Award-winning human rights defender, political refugee and vlogger. Abdul Aziz Muhamat advocates for refugees and their mental health.
On 13 November the Permanent Representation of the Kingdom of the Netherlands to the United Nations in Geneva drew attention to human rights and humanitarian issues in an artistic way with ‘4 Corners of Expression’. At the United Nations, live on stage, Live on stage, 4 human rights were expressed through 4 art forms: singing, drawing, vlogging and dancing.
Award-winning human rights defender, political refugee and vlogger Abdul Aziz Muhamat advocates for refugees and their mental health.
In 2013, the conflict in Sudan forced Abdul Aziz Muhamat to flee. He ended up in an Australian, off-shore detention centre, and managed to send out voice messages and videos to report on the miserable conditions of the refugees. In 2019, Aziz won The Martin Ennals Award for Human Rights Defenders, a Geneva based organisation. A few months after the ceremony, Switzerland granted him asylum and permanent residency.
Life as an activist started at school in Sudan
‘We were a group of 5 and we all shared a common belief, equal rights for all the Sudanese to forge one peaceful nation. We created a platform which we developed further at university. But political parties started extending their arms and we were seen as traitors. Now, all 5 of us live in exile.’
‘We come from oppressive regimes around the world. We don’t have freedom of expression. We are tortured for it.’
‘I was 19 and lived at my uncle’s home. The regime started threatening him, accusing him of supporting a rebellious group. One night in 2013, he woke me up, we had to leave. We left for the airport together, he had planned his escape and had organised a ticket and visa for Indonesia for me. He went one way, I another, we haven’t seen each other since.’
The journey was terrifying and traumatic
‘It was just me, a tiny bag with clothes and my passport. I had no idea where Indonesia even was. I had left everyone and everything behind without saying goodbye. UNHCR Indonesia could not help me directly and soon afterwards I found out that the Sudanese regime was after me. I couldn’t go back home. My options started narrowing down. ‘Go to Australia, once you cross the Indian Ocean you are safe and in a democratic country’ they told me. So I did.’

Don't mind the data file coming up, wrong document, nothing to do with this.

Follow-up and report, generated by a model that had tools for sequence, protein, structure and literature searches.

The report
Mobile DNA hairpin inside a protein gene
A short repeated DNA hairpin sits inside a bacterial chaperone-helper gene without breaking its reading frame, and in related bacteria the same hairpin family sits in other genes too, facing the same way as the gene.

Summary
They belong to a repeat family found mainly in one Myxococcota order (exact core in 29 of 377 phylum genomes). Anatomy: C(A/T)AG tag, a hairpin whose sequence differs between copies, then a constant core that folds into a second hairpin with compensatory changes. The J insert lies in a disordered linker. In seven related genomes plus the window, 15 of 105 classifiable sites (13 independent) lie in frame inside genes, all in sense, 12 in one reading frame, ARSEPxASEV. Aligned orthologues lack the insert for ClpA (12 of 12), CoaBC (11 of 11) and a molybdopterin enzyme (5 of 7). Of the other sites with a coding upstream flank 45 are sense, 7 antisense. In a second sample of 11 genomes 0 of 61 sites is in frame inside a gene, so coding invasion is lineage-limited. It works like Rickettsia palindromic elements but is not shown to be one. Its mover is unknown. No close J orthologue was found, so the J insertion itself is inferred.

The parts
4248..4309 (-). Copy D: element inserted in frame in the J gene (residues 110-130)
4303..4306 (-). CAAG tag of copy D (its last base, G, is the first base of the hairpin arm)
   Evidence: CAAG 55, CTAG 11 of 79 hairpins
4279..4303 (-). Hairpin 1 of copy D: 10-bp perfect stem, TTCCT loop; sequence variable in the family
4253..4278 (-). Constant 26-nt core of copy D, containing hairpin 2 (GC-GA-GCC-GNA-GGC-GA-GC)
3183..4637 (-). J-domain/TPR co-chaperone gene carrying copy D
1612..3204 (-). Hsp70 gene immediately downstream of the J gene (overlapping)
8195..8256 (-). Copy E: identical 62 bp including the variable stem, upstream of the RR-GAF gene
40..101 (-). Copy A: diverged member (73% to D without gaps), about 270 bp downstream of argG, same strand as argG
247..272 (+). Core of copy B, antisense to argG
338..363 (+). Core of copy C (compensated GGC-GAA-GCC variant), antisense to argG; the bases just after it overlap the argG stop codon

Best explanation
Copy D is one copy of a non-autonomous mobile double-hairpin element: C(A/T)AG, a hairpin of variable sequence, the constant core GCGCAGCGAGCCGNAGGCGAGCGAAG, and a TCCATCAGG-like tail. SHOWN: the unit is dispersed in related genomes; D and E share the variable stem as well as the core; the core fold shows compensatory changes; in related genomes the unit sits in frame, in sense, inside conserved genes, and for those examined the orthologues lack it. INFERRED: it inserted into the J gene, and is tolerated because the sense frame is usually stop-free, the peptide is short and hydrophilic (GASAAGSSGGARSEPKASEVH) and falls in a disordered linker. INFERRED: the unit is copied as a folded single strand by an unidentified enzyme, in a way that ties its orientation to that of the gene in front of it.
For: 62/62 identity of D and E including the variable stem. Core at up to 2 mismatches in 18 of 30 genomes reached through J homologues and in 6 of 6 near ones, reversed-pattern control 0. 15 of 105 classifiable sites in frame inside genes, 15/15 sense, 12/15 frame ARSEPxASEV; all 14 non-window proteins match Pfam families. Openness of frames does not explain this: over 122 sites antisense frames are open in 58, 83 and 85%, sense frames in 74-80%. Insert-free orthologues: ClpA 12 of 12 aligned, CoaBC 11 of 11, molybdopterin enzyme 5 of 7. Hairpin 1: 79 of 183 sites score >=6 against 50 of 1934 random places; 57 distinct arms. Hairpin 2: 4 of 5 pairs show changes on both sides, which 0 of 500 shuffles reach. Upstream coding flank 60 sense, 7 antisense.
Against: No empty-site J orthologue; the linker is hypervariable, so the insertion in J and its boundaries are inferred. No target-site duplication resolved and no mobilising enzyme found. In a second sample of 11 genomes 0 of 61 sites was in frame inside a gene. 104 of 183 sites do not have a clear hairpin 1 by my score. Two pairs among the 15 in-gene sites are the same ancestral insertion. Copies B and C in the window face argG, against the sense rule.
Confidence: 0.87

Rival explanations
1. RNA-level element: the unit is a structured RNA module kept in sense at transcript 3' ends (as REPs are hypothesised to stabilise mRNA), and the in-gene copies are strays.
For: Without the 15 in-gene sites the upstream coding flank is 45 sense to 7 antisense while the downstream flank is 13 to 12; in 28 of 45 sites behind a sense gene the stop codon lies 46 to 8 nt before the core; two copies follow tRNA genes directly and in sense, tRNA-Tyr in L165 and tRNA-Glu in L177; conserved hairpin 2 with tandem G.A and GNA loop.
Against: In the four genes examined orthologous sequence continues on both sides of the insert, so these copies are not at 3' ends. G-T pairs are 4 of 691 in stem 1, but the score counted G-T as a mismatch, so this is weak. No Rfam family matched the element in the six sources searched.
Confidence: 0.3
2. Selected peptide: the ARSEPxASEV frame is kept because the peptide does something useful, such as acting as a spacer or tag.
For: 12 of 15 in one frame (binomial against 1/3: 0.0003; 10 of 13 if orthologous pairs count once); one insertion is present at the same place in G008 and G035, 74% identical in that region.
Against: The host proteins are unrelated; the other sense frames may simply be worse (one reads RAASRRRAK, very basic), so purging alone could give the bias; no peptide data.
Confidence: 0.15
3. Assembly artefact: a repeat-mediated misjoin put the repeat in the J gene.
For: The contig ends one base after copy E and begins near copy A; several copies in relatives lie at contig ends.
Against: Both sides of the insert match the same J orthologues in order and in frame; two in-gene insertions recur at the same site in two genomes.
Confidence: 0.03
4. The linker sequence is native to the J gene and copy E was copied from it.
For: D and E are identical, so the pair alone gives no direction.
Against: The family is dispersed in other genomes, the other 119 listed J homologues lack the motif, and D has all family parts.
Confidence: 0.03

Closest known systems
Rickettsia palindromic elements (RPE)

‘My mission was to let the world know what was happening. I started filming, and sending out messages and vlogs with a smuggled phone.’
Everyone on the boat had fear in their eyes
‘The young men, the fathers, mothers and children. We didn’t talk to each other. Unexpectedly, we were intercepted by the Australian authorities. The coastguards picked us out of the water, unknowing of the trauma we carried with us. Along with hundreds of other refugees and asylum seekers, I was sent to a detention centre on Manus Island in Papua New Guinea.’
‘This wasn’t about dignity, it was about surviving.’
No names, no rights
‘I wasn’t Aziz, I was number 002. To me, the number, the cruelty, the inequality and the dead-end situation symbolised the concentration camps of World War II. Recognising the situation, I switched on again, once again becoming the political activist from Sudan. My new mission was to let the world know what was happening here. I started filming and sending out messages with a smuggled phone. I knew it could get me into trouble but I accepted that. This wasn’t about dignity, it was about surviving.’
People were suffering, cutting themselves, dying of medical negligence and suicide
‘I saw this every single day and decided to be a survivor, a counsellor. By taking on this role, helping others, I survived myself. One day, after six years, I got the unforgettable phone call from the Martin Ennals Award to tell me that I had been nominated. Ironically, I couldn’t take the call because I was preventing a detainee to take his life.’
‘I decided to be a survivor, a counsellor. By taking on this role, helping others, I survived myself’
Human rights mean people are born equal, but I don’t see the equality
‘We come from oppressive regimes around the world, we don’t have freedom of expression. We’re tortured for it. The narrative is that refugees take the jobs and create violence in the community. Consequently we are trying to prove that we are capable, good people who want to contribute. We do carry a package of trauma with us, sealed and put away because people do not want to hear it. I am now in the privileged position to speak out, and when people hear my story, they might make a better judgement of who I am. Not the asylum seeker, the migrant or the refugee but Aziz.’